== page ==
- Partner leave for birth or adoption also includes 16 weeks’ paid leave at full pay, funded by the country’s social security system.
- Temporary disability benefits cover an employee’s loss of income due to any sickness, disease, and non-work-related or work-related injuries. The maximum duration of this benefit is 365 days but it can be extended for another 180 days.
- During the first three days of sick leave, the employer pays an employee’s salary. Beginning the fourth day, employees are eligible to receive payment from the social security system.
National and regional holidays
- Spain has 14 public holidays in a calendar year, which are not included in the minimum paid leave entitlement but are taken in addition to annual leave. The following are national holidays recognized by all of Spain, although more and alternate holidays are observed differently by region.
- New Year’s Day (January 1)
- Epiphany (January 6)
- Good Friday (April, the specific day fluctuates each year)
- Labor Day (May, the specific day fluctuates each year)
- Assumption of Mary (August, the specific day fluctuates each year)
- Fiesta Nacional de España (October 12)
- All Saints’ Day (November 1)
- Constitution Day (December, the specific day fluctuates each year)
- Immaculate Conception (December 8)
- Christmas Day (December 25)
Benefits in Spain
- In Spain, the legal framework for the social protection system is obtained from Spain’s Social Security Act of 1994. The social security system of national insurance contributions covers expenses resulting from accidents and injury, illness and disease, disability, medical care, parental leave, unemployment, and retirement pensions. All residents of Spain who pay insurance contributions to the country’s social security system are eligible to receive its benefits.
Tax and Social Security in Spain
- In Spain, individuals are considered residents for tax purposes if they are present in Spain for at least 183 days in a tax year. Individuals who are Spanish residents are subject to Spanish income tax on all employment earnings, regardless of whether or not the earnings come from work within Spain.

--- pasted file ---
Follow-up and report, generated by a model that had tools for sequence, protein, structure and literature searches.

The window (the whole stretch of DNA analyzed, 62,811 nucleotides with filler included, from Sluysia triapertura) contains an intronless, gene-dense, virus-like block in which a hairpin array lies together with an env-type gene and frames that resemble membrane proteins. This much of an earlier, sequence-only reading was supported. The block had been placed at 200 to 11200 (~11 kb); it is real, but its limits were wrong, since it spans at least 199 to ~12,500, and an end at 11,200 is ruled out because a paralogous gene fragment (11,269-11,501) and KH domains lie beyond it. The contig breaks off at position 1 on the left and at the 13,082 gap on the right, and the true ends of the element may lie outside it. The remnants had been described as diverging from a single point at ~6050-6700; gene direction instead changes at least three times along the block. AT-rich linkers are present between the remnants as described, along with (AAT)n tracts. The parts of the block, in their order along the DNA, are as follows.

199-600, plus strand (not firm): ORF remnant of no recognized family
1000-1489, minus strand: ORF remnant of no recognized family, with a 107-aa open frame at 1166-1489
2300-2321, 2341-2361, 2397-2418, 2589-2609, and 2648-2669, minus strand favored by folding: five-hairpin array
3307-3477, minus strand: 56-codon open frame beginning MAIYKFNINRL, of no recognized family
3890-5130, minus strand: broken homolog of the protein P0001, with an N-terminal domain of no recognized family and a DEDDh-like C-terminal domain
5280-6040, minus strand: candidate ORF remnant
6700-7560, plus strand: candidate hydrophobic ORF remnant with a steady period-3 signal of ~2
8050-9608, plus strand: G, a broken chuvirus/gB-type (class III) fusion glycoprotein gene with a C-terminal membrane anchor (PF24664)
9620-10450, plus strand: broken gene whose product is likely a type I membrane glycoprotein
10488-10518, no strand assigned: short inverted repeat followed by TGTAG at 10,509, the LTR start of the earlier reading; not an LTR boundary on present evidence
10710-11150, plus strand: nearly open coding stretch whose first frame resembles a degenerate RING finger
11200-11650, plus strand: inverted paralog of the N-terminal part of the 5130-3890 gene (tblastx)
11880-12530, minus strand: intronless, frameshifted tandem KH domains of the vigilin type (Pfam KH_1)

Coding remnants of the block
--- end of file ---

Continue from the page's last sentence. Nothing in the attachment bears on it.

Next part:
- The following tax rates set by the Spanish government apply in 2022. However, each region in Spain may set its own rates. There is a dual system: the state tax and the regional tax.
- For €0 – €12,450, state tax is 9.5% and regional tax is 9.5%, totaling 19%
- For €12,450 – €20,200, state tax is 12% and regional tax is 12%, totaling 24%
- For €20,200 – €35,200, state tax is 15% and regional tax is 15%, totaling 30%
- For €35,200 – €60,000, state tax is 18.5% and regional tax is 18.5%, totaling 37%
- For€60,000 – €300,000, state tax is 22.5% and regional tax is 22.5%, totaling 45%
- For €300,000+, state tax is 23.5% and regional tax is 23.5%, totaling 47%
- The corporate income tax rate in Spain is 25%.
- Contributions for social security insurance are calculated on the basis of an employee’s monthly wage. As of 2022, Spain’s current social security rate charged on income for employers is 29.9% of the employee’s net taxable income and the employee pays 6.35%, which is deducted from the employee’s salary.
- According to the European Commission, all individuals insured under the Sistema Nacional de la Seguridad Social (Spain’s National Social Security System) and their beneficiaries are entitled to public medical healthcare. In order to qualify as insured in Spain, individuals must be employed or self-employed, a contributor to the Spanish National Social Security System, or a permanent resident.